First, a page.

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EdTPA Rejected: Get Teaching License Now Before More Barriers Go Up

Becoming A Teacher, Texas Teacher News

Scott Fikes
Scott Fikes on July 7, 2022

The Texas State Board of Education has rejected adding the edTPA to the list of requirements that aspiring teachers must meet to earn certification. For many, that’s welcomed news considering the proposed requirement could have made it more difficult to become a Texas teacher.

However, now is not the time to let your guard down. Changes are on the horizon, and it’s uncertain what that means for those who want to get their Texas teacher certification.

Here’s what we know and why if you’re considering changing careers and becoming a teacher, NOW is the time to pursue certification.



What We Know



Until June, the edTPA (Educative Teacher Performance Assessment) was eventually pegged to replace the current PPR exam requirement for certification. The PPR, or Texas Examinations of Educator Standards Pedagogy and Professional Responsibilities, is designed to assess whether an individual who wants to become a teacher has the requisite knowledge and skills necessary to be an entry-level educator.

Developed at Standford University, the edTPA is not a one-time test. Instead, it requires that student interns prepare a portfolio of materials during their learning experiences, primarily their teaching internship, where they work directly with students. The edTPA is not only more costly than the PPR ($311 for initial submission vs. $116 for the PPR), it is significantly more time-intensive.

However, in June, the State Board of Education rejected the edTPA after members said they had concerns about whether the new requirement would make it more difficult to retain teachers during a statewide teacher shortage.

That means, as of now, student interns must continue to follow the current list of requirements found in our article, List Of Texas Teacher Certification Tests: What You Must Take To Teach.

What We Don’t Know



All good news so far, right? Not exactly. While we narrowly avoided another contributor to the teacher shortage, nobody knows what’s coming down the pipeline. 

State board members have said the PPR is inadequate. Yet what will replace it is far from determined. The main issue at hand is developing an additional exam or solution that better demonstrates a readiness to teach but does not serve as a barrier to entering the teaching profession and retaining teachers.

That solution could involve bringing back the edTPA and finding a way to work it into the current curriculum. The state could also develop an entirely new tool. No matter what is chosen, it must address a timeline of regulation changes that have undoubtedly impacted the number of individuals getting their teacher credential and the number of teachers leaving the profession.

Here’s a snapshot of the challenges the state is facing:


  • 2016-17 school year: There were 26,517 new teachers certified in Texas.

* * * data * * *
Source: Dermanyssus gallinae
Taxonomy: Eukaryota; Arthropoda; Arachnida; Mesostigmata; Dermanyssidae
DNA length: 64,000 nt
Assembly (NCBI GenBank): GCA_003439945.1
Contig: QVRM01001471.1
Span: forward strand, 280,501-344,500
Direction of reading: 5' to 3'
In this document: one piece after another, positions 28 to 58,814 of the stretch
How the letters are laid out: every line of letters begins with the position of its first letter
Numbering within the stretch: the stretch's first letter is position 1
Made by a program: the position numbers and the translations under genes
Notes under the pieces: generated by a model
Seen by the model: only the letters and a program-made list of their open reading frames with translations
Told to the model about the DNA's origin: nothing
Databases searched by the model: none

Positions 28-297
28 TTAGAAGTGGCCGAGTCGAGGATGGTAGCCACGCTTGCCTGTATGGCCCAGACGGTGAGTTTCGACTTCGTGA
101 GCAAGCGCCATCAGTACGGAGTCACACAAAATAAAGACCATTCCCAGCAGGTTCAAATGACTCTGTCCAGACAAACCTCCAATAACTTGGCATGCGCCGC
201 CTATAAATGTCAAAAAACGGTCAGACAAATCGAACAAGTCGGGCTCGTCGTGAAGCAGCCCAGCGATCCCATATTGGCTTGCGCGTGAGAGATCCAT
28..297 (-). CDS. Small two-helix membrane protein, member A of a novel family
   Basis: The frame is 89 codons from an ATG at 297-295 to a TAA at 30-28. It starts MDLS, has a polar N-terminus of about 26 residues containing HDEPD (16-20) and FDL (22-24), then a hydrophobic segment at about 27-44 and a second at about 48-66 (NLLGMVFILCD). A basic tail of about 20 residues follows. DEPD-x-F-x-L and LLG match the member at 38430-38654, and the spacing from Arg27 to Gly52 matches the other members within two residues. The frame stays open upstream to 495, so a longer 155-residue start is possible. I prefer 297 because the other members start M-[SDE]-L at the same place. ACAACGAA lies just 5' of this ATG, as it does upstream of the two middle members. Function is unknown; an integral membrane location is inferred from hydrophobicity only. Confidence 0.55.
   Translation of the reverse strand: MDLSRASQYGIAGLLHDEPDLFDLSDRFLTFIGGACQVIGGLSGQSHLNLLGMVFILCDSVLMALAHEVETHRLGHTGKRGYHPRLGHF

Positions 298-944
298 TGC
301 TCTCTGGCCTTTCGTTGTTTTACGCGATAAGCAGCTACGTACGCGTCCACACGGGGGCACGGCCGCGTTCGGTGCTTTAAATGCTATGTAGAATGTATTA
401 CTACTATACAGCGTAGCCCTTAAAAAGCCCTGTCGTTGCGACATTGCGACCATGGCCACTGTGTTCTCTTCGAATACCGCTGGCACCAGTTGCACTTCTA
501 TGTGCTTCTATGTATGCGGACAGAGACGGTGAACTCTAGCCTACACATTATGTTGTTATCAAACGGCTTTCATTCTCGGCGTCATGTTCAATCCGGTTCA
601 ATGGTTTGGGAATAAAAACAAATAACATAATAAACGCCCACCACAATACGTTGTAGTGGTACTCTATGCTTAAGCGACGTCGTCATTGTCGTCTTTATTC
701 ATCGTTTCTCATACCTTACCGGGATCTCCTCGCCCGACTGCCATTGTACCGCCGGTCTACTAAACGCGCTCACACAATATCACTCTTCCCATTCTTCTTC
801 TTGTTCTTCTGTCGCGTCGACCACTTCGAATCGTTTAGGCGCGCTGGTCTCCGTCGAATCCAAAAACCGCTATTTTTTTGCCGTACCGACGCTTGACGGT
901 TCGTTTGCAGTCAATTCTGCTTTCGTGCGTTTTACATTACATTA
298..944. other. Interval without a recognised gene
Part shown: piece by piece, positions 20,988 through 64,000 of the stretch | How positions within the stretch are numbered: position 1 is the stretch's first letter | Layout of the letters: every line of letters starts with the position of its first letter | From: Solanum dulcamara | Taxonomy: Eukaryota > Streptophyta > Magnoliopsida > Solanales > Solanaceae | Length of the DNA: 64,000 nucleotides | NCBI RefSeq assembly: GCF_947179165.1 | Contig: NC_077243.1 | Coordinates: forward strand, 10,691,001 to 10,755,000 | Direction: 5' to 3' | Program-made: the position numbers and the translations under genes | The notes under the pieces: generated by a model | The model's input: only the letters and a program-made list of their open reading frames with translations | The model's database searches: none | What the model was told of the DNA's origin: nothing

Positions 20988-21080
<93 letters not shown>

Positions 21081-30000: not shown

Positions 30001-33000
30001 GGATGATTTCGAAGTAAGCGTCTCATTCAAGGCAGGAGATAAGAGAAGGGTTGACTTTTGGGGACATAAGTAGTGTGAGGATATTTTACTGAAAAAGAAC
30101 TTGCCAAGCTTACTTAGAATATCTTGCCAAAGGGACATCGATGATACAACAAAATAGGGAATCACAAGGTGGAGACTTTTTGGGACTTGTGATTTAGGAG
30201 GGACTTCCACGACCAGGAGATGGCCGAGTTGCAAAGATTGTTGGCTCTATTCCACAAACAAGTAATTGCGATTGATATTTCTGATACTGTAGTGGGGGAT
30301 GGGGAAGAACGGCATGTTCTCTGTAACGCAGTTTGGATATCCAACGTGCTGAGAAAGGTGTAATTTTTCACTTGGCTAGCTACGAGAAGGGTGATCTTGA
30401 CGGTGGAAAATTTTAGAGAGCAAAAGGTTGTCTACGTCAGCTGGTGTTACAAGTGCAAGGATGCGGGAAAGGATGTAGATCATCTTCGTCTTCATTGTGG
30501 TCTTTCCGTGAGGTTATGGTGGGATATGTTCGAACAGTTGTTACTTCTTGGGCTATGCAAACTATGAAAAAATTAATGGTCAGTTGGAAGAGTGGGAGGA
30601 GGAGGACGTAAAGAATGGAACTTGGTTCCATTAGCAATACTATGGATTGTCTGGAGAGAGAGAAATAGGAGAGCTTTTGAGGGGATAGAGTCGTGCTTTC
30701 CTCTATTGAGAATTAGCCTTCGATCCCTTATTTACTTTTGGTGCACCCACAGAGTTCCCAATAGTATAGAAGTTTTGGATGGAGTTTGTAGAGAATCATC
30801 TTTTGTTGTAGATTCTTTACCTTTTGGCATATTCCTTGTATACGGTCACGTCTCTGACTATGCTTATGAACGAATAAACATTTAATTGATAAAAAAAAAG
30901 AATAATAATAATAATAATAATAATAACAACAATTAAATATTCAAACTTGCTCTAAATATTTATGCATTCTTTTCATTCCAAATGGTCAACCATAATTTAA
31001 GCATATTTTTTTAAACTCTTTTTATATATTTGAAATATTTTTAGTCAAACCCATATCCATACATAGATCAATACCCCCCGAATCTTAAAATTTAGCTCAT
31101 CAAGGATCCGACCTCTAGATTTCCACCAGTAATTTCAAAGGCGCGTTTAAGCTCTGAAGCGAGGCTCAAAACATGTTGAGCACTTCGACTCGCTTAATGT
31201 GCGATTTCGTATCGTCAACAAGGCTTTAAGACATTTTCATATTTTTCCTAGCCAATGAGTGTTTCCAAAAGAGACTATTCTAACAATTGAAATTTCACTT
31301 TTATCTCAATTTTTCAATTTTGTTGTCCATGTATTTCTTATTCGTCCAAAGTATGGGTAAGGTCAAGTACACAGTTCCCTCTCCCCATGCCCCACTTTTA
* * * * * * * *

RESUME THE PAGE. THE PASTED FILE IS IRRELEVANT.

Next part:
• 2016: The Texas Education Agency (TEA) changed the structure of certificates and created a more rigorous timeline and requirements for testing approval.
  • 2017: Texas experienced a 9.8% decrease in teachers certified compared to the previous year.
  • 2018-29 school year: The TEA changed the test used for Pre-Admission Content Test (PACT) so that individuals could no longer take the TExES test for program admission. The TX PACT no longer governs the area of certification.
  • 2019-20 school year: Texas experienced a 14.9% decrease in teachers certified compared to the previous year.
  • 2021: TEA begins requiring elementary and middle school English teachers to pass the content test and the new Science of Teaching Reading (STR) exam for certification.
  • 2021-22 school year and hiring season for the 2022-23 school year: Schools are reporting and experiencing a teacher shortage in all levels and areas including elementary teachers (for the first time).


It’s back to the drawing board for the Texas Education Agency and state board members. While there is a reprieve in testing changes for now, there could be another new requirement in the pipeline within the next one to three years.  


Why Now Is The Time To Get Certified



If you are considering earning your teaching license, NOW is the time to act while current certification requirements remain in place. If you wait until as soon as the 2023-24 school year to begin your program, you may face more difficult barriers to earning certification.

An experienced educator preparation program (EPP) can help you navigate these requirements and help ensure that you stay on track to complete your certification on your individualized timeline. 

If you have a bachelor’s degree, you can apply to an EPP, which is also called an alternative teacher certification program. This type of program offers you a path toward certification through online or in-person courses or a combination of both.

The best alternative teacher certification programs treat you as more than a number and provide continuous support. They will also ensure you sign up for the right tests at the right time so you can complete your journey toward becoming a certified classroom teacher as quickly as possible.

Certification changes are inevitably on the horizon, but the best educator preparation programs are ready to adopt any new testing requirements into the high-quality curriculum in place. 


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Topics: Becoming A Teacher, Texas Teacher News

Written by Scott Fikes

Scott is the Deputy Executive Director and Program Consultant. Scott earned a Bachelor of Science in Human Biology from Texas Woman's University and a Master of Education from Texas Woman's University. Scott has extensive experience in both the classroom and as an administrator in districts in North Texas.

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